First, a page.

Phosphorylation of cardiac myofibrillar proteins by protein kinase C (PKC) in isolated adult rat cardiomyocytes has been compared with that mediated by the cAMP-dependent protein kinase (PKA). PKA activation by β-adrenoreceptor (isoproterenol) stimulation results in stoichiometric phosphorylation of troponin I (TnI) and C-protein. PKC activation by either 12-O- tetradecanoylphorbol-13-acetate (TPA) or by α-adrenoreceptor (phenylephrine plus propranolol) stimulation results in phosphorylation of the same two proteins to similar extents. Two-dimensional phosphopeptide mapping shows that the same sites in TnI are modified by PKC in vitro and in TPA- or α- agonist-stimulated cells. These sites are distinct from those phosphorylated in isoproterenol-stimulated cells or by PKA in vitro. Phosphopeptide mapping analysis of C-protein shows that PKC and PKA phosphorylate identical residues in this protein in vitro and in situ. TPA-stimulated phosphorylation in myocytes is associated with a reduction in maximal activity of myofibrillar Ca2+-dependent actomyosin MgATPase. Isoproterenol-stimulated phosphorylation has no effect on maximal activity but reduces the Ca2+ sensitivity of the MgATPase. These data demonstrate that TnI and C-protein are phosphorylated in myocardial cells by both PKA and PKC, resulting in different functional consequences in each case.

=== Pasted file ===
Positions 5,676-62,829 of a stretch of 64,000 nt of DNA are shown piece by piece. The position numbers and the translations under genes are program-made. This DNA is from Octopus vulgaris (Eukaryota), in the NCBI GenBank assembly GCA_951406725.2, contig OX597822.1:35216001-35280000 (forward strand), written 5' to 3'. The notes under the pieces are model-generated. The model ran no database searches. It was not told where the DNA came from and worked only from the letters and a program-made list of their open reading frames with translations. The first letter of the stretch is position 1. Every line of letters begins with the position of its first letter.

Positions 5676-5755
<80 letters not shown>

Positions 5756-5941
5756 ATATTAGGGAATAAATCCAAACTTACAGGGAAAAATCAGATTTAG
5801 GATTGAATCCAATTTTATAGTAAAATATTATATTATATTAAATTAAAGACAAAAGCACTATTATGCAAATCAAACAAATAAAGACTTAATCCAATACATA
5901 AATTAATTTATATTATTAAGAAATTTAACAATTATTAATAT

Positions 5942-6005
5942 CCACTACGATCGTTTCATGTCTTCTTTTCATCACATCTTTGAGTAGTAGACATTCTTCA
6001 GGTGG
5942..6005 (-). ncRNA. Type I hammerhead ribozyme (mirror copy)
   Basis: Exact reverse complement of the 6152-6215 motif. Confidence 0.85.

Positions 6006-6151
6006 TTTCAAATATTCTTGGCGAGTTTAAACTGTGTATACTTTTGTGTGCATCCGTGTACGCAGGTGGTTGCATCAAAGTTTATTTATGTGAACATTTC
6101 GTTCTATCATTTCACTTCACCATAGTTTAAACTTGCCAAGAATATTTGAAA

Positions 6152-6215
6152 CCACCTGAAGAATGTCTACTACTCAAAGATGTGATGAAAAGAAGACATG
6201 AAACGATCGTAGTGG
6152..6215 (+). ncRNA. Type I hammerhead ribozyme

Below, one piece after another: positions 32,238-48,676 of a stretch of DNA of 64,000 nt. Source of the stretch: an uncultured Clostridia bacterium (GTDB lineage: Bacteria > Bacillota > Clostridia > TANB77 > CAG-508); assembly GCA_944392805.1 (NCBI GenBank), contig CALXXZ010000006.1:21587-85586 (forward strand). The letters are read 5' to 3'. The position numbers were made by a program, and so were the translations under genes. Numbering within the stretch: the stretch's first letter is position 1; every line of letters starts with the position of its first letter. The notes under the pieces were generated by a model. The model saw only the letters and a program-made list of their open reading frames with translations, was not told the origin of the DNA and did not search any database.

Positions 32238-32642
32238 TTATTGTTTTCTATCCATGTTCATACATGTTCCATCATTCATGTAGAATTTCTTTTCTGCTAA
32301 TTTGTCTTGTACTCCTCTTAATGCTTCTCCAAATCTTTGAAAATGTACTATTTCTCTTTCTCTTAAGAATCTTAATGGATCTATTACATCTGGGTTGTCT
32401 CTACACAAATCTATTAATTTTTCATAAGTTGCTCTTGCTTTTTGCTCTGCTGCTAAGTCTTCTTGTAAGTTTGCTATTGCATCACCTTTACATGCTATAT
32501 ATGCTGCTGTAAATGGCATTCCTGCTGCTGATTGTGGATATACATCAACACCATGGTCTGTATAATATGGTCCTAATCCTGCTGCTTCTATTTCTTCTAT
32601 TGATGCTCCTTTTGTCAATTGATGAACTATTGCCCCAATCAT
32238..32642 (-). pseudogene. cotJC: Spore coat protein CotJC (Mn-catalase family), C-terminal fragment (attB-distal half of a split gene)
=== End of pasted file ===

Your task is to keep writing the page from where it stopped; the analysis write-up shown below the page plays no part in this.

|Original language||English (US)|
|Number of pages||7|
|Journal||Journal of Biological Chemistry|
|Publication status||Published - Jan 1 1993|
ASJC Scopus subject areas
- Molecular Biology
- Cell Biology